The earliest reference to Sudborne having been involved in the coprolite industry was in 1866. A couple of over-enthusiastic Victorian geologists paid a visit to the pits that led to the death of the village expert on these fossils. One of them explained:-
"After leaving the village of Chillesford (where the Norwich Crag occurs) we came to Sudbourn Park gate, but not being quite sure of the way
through the park, we kept to the turn-pike, and soon hailed the Orford lights. Every village in Suffolk, of any importance,
has its "King's Head" and "Crown" inns; we went to the
former, and after a night at the "Ramsholt Dock
Inn," were both prepared most thoroughly to appreciate this comfortable
little place. Having ordered supper, we sallied forth to enquire for a
celebrated character at the "White Hart," known as "Jumbo"
(alias William Brown). This oddity is a thin, wiry old man, between sixty and
seventy years of age, and the most handy fellow in the
parish. He is* the living oracle here on Crag-pits and shells, and must be
invoked and propitiated with beer and shillings if you want to find the best of
both. He is, however, troubled with fits of "brooding melancholy"
(the effects of over potations), when he will not respond to any call, and must
be dispensed with. Such was his mood at this time. His knowledge of crag shells
places him in a very exalted position, and among the rustics he is considered
quite a distinguished palaeontologist. Having obtained this information, we
returned to our inn, and after supper cleaned and packed our days collection of
Crag. We were up the next morning, and... As we could not get
"Jumbo," we persuaded the landlord to accompany us to the pit in the
park where the same great beds of Cyprina Islandica and Terebratula grandis, which we had observed at Sutton the day before,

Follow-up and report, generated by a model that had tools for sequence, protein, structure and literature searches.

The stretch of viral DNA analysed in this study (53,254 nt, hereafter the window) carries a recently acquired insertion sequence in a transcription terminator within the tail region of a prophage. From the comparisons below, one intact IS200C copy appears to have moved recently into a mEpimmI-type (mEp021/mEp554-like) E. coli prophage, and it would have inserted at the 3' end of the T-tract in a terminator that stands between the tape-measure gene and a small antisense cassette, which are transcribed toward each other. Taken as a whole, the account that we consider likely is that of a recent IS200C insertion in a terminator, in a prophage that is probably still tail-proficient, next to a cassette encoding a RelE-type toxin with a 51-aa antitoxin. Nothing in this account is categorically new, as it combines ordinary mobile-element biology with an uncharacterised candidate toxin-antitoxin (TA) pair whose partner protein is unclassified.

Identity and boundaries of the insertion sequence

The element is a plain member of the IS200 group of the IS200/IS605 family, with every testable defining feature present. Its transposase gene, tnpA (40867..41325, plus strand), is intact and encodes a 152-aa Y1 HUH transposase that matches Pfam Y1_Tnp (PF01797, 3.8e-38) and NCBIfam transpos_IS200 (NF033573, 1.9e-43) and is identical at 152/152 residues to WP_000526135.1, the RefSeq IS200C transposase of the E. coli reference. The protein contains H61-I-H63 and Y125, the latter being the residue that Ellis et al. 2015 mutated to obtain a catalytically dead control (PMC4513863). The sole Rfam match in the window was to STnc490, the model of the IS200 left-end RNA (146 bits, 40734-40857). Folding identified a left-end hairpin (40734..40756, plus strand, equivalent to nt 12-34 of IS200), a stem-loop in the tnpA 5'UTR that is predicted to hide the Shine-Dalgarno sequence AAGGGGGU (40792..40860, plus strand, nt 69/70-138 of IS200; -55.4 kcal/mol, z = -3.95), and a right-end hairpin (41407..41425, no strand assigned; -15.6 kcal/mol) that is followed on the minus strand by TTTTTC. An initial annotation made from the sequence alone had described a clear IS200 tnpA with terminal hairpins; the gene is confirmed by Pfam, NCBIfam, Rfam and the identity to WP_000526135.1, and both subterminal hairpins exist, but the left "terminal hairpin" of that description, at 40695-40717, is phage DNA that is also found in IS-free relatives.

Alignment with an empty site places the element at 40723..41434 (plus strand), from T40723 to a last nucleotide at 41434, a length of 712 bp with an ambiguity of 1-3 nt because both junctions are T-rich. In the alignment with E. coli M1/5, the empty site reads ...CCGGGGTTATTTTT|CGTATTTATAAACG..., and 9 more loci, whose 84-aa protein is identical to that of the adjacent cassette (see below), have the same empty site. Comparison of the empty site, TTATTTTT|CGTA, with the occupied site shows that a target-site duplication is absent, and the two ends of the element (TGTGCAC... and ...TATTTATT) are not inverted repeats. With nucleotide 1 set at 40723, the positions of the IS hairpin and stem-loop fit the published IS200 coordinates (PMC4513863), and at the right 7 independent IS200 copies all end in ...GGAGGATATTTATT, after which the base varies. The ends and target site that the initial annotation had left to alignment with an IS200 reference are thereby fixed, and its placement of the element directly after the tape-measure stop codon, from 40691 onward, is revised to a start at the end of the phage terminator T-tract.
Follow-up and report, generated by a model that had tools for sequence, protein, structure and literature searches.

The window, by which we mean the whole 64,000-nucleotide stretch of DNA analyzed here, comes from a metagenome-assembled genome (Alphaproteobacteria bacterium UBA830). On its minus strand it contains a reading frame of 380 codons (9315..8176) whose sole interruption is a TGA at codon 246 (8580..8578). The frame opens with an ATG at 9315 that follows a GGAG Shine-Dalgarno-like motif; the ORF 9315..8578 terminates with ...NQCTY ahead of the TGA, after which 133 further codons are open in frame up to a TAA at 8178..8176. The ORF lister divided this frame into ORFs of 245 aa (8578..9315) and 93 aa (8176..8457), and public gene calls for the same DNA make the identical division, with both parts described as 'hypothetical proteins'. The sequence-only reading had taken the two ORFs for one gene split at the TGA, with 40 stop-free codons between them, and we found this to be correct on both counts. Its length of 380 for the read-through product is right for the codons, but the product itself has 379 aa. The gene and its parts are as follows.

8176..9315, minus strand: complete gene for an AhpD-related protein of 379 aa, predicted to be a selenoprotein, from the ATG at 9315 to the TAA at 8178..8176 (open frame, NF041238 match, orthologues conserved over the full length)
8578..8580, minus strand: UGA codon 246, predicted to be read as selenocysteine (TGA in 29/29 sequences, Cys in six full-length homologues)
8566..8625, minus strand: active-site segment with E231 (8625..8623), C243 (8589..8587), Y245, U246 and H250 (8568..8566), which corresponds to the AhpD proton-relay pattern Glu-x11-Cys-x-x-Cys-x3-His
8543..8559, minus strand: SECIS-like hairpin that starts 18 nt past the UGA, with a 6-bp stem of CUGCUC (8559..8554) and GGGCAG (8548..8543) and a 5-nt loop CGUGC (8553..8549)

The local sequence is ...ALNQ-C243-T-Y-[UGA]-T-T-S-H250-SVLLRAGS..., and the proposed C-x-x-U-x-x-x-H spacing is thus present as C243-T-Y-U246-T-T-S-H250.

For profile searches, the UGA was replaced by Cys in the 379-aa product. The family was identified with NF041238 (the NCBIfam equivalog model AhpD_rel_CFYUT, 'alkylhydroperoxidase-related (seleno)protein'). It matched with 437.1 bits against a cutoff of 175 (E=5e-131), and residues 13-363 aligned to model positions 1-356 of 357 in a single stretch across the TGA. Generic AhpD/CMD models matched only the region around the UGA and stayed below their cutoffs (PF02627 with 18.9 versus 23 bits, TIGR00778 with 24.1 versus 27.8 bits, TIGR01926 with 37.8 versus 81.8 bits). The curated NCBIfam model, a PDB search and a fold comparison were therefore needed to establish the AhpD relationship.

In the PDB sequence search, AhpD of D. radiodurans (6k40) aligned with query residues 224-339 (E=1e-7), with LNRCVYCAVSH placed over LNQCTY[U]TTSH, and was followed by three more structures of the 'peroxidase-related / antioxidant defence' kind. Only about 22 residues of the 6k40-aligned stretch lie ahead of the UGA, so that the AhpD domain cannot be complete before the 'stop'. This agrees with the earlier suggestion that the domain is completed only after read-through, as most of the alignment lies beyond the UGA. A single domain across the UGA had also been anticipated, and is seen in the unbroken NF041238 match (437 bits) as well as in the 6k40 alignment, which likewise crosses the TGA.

were again visible. All the best shells were however too brittle (owing to the
wet state of the soil) to be obtained entire, so we got very few rarities.
After dinner "Jumbo" presented himself, and
said he had some Crag-shells for sale. We condescended to receive his
overtures, and bought 10s. worth off him, which made
up a pretty complete series, and the whole afternoon was occupied with packing
* "He is," we ought rather to say "he was," for "Jumbo," like the crag itself, is now a thing of the past. Stimulated by a sovereign given him by my friend Professor Suess of Vienna, "Jumbo" took an overdose of brandy, and, alas! went to the spirit land."
(Woodward, H. (1866), 'An Excursion to the Crag District,' Intell.Observer, vol.8,pp.39-41)
This area of Southeast Suffolk where the coprolites were found in the crag had numerous small estates and, as in this case, the landowner arranged to have these phosphate-rich deposits exploited. Their demand from manure manufacturers in Ipswich and elsewhere allowed immense profits to be realised which were far better than simply allowing the land to remain as farm or parkland. It is probable the owner got their farm labourers to work them from the pits but, unfortunately, very few records of such have come to light.
Several crag pits were recorded on early maps that would also have been exploited for their coprolites. The 1890 map showed Crag Farm had two old pits and in Sudbourne Park there was a very large pit over 200 feet wide. This was just north of Fire Engine House and a quarter of a mile north north east of the Hall. There was another on the estate opposite the White Lodge and another by the roadside in Sudbourne Marshes. A mile to the east of the village there was one on the southwest corner of the cross roads and there were others in the neighbourhood of the church. (OS. Suff.69SW,1890; 69NW,1891; Prestwich, J. 'Structure of the Crag Beds,' Quart.Journ.Geol. Soc. 1871 (read 1868) p.122)
How long the work carried on for is again uncertain but they were still extracted in the late 1880's and early 1890's as the local trade directory for the parish pointed out,
"Beds of oysters have been found in making excavation near the church. The strata of crag is largely intermixed with shells and other fossil remains, so much so as to make them of considerable value as manure, when carted onto and mixed with the surface soil."
(Kelly's Directory, 1883 and 1892)